The last few weeks have been pretty hard ones for me. We've reached a really big milestone that kind of just snuck up on me. Gabriel's 8th birthday is on Sunday the 9th. My nieces are turning 8 and one is even planing to be baptized on the day that Gabriel would be baptized if he were here. It's really hard to believe that he's been gone for almost 7 years. It really just isn't fair if you want to know the truth. I'm still anxiously awaiting the day that I can see the whole picture and see exactly what this was supposed to teach me, and how it was supposed to help me. For now, it just hurts.
I've had friends who've had to bury babies since Gabriel's death, and one who is preparing to do it shortly after birth. As I think about these mothers, and the things that they have and will face, I remember the things that were said to my husband and I and our parents following Gabriel's death. I realize that most people really do want to help in some way, and want to say something comforting. For the most part, they mean well. I know that! HOWEVER, almost everything that was said to us was wrong. There isn't really much information out there for people on how to deal with these types of situations, so I think that people just try to wing it. Please stop. In an effort to help anyone put in a situation where you feel you need to comfort a grieving parent, here is my list of things NOT to say, in no particular order. (And yes, people did say these things to me.)
1. "God must have needed him more than you." or "He was needed in heaven for some important work!"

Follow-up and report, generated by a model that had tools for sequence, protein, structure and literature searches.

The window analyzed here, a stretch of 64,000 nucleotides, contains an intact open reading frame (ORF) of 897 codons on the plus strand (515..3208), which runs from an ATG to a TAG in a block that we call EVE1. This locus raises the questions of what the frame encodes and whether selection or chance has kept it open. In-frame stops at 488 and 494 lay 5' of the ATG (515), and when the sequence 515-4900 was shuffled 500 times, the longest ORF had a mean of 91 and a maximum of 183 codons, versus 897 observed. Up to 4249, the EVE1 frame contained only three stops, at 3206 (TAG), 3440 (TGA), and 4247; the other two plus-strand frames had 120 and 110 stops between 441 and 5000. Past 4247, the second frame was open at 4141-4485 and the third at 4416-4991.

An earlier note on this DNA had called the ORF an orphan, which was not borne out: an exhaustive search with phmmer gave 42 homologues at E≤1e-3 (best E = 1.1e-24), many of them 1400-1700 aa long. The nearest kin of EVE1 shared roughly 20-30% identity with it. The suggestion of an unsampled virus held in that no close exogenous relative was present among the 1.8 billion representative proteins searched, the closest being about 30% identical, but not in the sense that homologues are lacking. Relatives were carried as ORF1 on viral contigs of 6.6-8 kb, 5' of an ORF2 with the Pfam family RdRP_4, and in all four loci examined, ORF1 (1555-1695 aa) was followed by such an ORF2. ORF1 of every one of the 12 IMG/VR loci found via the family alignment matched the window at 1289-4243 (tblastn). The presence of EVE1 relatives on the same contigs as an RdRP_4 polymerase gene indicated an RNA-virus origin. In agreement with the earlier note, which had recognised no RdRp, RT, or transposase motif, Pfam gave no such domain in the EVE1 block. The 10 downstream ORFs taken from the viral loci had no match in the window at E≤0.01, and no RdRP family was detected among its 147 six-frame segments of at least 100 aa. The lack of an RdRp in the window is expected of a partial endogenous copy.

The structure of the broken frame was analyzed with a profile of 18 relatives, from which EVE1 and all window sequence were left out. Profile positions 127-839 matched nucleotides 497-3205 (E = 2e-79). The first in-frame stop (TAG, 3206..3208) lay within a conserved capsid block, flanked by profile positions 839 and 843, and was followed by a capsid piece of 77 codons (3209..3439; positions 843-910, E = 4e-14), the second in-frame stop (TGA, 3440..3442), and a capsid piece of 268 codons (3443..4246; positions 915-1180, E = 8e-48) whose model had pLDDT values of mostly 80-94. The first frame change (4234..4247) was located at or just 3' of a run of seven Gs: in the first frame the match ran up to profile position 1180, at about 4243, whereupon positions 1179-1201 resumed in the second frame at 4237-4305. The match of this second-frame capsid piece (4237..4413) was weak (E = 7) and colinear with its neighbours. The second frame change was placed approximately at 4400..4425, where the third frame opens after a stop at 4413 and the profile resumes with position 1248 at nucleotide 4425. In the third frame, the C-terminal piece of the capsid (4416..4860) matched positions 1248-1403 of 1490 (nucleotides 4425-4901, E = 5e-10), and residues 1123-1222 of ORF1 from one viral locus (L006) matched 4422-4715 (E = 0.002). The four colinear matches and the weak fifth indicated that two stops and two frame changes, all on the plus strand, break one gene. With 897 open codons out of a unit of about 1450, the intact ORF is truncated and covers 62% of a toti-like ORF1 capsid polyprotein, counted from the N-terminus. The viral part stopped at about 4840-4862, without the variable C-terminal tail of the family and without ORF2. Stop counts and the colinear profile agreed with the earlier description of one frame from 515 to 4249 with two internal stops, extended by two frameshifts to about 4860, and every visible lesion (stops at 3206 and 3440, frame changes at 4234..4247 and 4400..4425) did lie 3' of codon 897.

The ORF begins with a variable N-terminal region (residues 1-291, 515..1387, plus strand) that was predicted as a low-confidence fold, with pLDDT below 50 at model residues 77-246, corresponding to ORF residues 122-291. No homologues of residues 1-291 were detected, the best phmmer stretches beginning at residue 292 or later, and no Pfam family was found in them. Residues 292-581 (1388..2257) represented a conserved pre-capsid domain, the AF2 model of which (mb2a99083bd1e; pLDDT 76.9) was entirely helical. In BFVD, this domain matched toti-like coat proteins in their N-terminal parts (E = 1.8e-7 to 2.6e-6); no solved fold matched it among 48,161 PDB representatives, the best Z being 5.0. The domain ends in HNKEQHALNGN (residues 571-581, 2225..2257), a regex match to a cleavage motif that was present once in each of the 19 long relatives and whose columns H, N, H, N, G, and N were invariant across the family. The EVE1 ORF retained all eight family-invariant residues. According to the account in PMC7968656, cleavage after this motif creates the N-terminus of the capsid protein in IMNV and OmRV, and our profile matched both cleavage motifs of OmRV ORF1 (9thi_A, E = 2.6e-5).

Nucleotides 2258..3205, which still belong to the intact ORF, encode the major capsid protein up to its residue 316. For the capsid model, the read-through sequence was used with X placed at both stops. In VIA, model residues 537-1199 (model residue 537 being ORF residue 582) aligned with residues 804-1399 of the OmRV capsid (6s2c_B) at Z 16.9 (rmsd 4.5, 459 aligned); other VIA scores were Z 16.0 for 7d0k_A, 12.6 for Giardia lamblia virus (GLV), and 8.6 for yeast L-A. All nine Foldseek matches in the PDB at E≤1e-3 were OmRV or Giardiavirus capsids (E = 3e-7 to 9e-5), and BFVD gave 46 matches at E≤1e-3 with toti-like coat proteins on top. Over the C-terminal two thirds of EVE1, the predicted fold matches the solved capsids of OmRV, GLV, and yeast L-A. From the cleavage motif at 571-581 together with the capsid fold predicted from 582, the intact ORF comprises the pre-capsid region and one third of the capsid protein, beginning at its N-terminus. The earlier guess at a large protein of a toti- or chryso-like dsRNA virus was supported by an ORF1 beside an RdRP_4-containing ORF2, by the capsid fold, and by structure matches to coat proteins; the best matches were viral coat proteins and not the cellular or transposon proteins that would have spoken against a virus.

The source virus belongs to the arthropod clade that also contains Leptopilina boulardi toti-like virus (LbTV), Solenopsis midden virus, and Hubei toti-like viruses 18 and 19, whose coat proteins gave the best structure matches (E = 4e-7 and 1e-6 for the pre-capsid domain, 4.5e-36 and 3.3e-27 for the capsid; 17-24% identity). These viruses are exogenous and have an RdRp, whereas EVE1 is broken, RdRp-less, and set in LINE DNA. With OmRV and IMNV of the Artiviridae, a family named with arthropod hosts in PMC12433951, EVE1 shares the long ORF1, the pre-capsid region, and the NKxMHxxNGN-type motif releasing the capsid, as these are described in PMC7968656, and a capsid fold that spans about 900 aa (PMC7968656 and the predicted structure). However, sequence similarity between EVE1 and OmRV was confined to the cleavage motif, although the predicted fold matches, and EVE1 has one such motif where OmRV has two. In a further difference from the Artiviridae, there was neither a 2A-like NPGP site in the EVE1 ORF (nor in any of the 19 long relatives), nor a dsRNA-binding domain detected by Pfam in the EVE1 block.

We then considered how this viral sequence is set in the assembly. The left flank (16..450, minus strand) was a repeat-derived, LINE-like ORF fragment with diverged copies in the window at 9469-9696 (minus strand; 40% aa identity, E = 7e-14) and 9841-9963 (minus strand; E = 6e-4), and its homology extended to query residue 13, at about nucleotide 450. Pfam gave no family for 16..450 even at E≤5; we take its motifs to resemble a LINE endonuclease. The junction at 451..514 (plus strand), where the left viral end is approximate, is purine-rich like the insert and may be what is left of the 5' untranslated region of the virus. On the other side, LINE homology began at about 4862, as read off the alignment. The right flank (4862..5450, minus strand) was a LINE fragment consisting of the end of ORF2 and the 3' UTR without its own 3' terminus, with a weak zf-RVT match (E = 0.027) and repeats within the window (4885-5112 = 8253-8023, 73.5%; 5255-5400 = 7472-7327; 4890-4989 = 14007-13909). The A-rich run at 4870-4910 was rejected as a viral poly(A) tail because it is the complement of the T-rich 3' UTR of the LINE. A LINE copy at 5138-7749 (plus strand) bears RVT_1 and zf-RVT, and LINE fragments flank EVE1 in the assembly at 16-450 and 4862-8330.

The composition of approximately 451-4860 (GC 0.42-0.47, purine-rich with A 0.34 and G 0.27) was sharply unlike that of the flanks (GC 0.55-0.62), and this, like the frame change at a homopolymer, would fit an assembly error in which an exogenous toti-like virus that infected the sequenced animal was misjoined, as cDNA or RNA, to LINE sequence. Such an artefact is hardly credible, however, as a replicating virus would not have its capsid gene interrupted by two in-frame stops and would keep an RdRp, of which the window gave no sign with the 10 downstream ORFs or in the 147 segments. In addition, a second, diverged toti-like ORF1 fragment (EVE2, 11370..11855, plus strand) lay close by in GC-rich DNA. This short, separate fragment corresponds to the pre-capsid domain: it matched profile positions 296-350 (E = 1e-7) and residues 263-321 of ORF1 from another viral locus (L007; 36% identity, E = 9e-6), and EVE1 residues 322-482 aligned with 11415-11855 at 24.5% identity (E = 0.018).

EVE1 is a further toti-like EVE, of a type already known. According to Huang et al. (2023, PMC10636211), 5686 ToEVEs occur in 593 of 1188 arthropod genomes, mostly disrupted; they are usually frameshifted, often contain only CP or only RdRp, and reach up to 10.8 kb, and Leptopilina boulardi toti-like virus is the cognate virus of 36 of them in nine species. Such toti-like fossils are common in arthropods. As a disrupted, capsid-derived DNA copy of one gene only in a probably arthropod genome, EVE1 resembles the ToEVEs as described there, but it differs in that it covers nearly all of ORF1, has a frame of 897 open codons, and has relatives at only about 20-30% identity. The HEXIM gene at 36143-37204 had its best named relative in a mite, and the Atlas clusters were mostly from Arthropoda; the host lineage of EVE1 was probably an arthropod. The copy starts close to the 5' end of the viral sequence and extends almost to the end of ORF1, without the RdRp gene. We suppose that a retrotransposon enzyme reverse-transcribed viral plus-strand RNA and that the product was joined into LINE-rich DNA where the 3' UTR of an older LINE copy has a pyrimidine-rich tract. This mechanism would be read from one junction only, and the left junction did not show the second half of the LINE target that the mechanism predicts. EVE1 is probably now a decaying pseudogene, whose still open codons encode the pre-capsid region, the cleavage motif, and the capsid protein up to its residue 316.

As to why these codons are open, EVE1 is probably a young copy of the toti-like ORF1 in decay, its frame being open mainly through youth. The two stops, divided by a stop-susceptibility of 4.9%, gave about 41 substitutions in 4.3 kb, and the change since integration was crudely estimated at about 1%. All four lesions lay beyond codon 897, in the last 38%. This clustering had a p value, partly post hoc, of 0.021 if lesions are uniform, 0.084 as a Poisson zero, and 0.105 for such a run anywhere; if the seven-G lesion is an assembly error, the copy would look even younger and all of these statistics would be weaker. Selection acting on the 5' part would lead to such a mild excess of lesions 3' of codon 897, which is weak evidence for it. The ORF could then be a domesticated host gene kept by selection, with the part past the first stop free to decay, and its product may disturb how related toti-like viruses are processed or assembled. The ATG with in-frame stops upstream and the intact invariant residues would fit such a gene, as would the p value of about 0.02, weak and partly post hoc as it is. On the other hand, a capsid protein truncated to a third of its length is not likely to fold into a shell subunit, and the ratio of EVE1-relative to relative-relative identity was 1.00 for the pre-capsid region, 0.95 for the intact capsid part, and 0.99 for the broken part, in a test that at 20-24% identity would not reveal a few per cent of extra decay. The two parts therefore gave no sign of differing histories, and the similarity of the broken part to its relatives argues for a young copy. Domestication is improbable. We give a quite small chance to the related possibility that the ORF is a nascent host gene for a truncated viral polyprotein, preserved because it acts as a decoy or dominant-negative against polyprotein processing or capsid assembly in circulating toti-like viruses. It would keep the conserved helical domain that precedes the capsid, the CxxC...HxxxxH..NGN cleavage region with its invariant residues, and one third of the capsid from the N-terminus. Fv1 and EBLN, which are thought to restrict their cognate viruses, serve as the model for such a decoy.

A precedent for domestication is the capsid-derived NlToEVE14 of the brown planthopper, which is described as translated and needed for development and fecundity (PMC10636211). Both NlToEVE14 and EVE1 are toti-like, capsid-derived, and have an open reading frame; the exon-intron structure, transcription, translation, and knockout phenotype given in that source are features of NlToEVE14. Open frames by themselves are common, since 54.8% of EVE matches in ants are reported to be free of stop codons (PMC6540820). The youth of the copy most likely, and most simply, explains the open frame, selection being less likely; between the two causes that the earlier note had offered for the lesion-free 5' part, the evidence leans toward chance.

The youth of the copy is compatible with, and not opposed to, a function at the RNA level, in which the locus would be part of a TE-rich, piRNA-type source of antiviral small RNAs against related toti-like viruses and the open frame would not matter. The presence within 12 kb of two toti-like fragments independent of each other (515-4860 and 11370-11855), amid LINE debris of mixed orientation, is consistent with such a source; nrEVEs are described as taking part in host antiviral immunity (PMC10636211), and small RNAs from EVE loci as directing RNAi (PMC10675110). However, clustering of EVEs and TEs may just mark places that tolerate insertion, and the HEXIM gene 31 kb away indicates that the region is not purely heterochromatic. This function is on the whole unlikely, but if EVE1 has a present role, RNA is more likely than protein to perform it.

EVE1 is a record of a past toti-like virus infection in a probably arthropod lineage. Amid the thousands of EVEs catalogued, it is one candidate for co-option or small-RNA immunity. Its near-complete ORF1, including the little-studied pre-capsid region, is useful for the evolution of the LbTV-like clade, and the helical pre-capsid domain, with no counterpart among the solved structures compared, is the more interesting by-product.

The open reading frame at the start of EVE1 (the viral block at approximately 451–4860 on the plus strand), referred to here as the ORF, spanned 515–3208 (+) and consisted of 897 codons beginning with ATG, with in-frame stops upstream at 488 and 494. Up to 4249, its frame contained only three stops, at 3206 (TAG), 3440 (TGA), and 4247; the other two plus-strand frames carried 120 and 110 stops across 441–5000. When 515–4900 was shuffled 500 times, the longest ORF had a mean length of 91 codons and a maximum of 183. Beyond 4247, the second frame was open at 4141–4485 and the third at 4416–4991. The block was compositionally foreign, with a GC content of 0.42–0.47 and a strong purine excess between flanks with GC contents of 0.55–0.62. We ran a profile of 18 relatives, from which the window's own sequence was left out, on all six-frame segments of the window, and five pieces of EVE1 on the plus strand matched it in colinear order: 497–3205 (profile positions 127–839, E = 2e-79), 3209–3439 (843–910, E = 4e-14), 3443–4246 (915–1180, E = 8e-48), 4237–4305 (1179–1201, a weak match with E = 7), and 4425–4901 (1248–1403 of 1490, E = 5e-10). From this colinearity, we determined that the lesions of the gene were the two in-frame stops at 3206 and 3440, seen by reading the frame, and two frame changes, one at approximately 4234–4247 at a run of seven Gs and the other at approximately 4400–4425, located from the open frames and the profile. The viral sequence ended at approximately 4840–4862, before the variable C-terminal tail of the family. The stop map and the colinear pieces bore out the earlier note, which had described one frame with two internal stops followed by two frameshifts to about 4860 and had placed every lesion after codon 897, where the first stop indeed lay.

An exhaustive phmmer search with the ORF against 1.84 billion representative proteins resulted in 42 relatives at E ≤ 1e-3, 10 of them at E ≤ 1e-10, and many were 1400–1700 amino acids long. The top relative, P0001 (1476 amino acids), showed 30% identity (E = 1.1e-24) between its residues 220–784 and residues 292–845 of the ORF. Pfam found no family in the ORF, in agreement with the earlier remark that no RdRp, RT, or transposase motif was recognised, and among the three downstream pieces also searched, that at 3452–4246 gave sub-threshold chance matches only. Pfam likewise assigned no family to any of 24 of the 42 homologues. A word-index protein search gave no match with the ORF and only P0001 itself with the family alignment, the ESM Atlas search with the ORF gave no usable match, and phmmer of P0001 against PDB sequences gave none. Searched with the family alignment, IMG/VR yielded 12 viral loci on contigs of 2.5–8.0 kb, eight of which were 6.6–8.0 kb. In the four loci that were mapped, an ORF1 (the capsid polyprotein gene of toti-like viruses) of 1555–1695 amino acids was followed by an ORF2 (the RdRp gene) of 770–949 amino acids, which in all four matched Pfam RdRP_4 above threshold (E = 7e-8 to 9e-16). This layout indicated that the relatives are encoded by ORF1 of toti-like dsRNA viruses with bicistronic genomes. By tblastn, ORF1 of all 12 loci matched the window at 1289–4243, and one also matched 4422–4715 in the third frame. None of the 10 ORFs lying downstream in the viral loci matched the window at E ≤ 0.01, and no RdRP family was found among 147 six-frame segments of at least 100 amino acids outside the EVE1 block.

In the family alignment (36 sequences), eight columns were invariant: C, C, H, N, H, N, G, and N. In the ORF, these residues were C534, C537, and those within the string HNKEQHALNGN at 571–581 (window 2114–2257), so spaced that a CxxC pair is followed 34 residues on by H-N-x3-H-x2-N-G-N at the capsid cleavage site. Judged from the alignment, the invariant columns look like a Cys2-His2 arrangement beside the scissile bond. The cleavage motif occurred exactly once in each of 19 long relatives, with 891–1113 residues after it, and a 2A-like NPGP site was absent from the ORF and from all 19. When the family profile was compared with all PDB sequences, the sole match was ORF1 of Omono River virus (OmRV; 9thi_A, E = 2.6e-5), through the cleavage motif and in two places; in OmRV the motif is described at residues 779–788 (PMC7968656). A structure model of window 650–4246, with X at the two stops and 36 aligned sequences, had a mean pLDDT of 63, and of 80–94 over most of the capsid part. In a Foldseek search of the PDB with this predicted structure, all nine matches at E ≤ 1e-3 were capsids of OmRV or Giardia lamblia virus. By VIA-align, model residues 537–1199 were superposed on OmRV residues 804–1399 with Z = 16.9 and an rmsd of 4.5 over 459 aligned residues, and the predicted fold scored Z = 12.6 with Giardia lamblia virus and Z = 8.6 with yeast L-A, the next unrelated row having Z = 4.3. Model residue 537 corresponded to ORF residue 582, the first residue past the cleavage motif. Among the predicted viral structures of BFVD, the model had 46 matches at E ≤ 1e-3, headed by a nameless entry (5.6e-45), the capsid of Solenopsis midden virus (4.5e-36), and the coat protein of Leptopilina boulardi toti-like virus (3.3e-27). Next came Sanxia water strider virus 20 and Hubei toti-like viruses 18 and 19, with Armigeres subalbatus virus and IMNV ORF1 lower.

In that moment, and probably for the rest of my life, nobody needed him more than me. Hearing that only made me mad. It isn't possible that anyone could need him more than his more than his mother, and you will never convince his grieving mother otherwise.
2. "He isn't really there, his spirit is gone, that's just his shell!" or "That isn't him! He's already in Heaven!"
I realize that his spirit is no longer there. But I loved every aspect of that tiny person. Not just his spirit. I loved his body too. That was the part that I grew inside of me, that I nursed late at night, that I watched sleep, that I cleaned up after, that I bathed, that I loved to smell, that I snuggled in the early mornings after daddy went to work. That was even the part that I had to swat on the bottom when his strong will ignored mommy! Don't tell me that isn't him! That is the him that I won't be able to hold and hug for a really long time, and I am constantly aching for. Hearing that will just make me mad.
3. "At least you have _ (insert number here) other kids." or "You have _ other kids that need you."
Really????? You're right, I do. HOWEVER, they are all alive, this one isn't! I know that they are still important and need my love and attention, but for right this second, I'm going to focus a lot of my time, energy and emotion into grieving for the one who isn't alive. If you have a problem with that, you can kiss my back side! Those kids are welcome to come and join my pity party, but I am not going to go on with life like nothing happened just because I have other kids. Hearing that will also make me mad.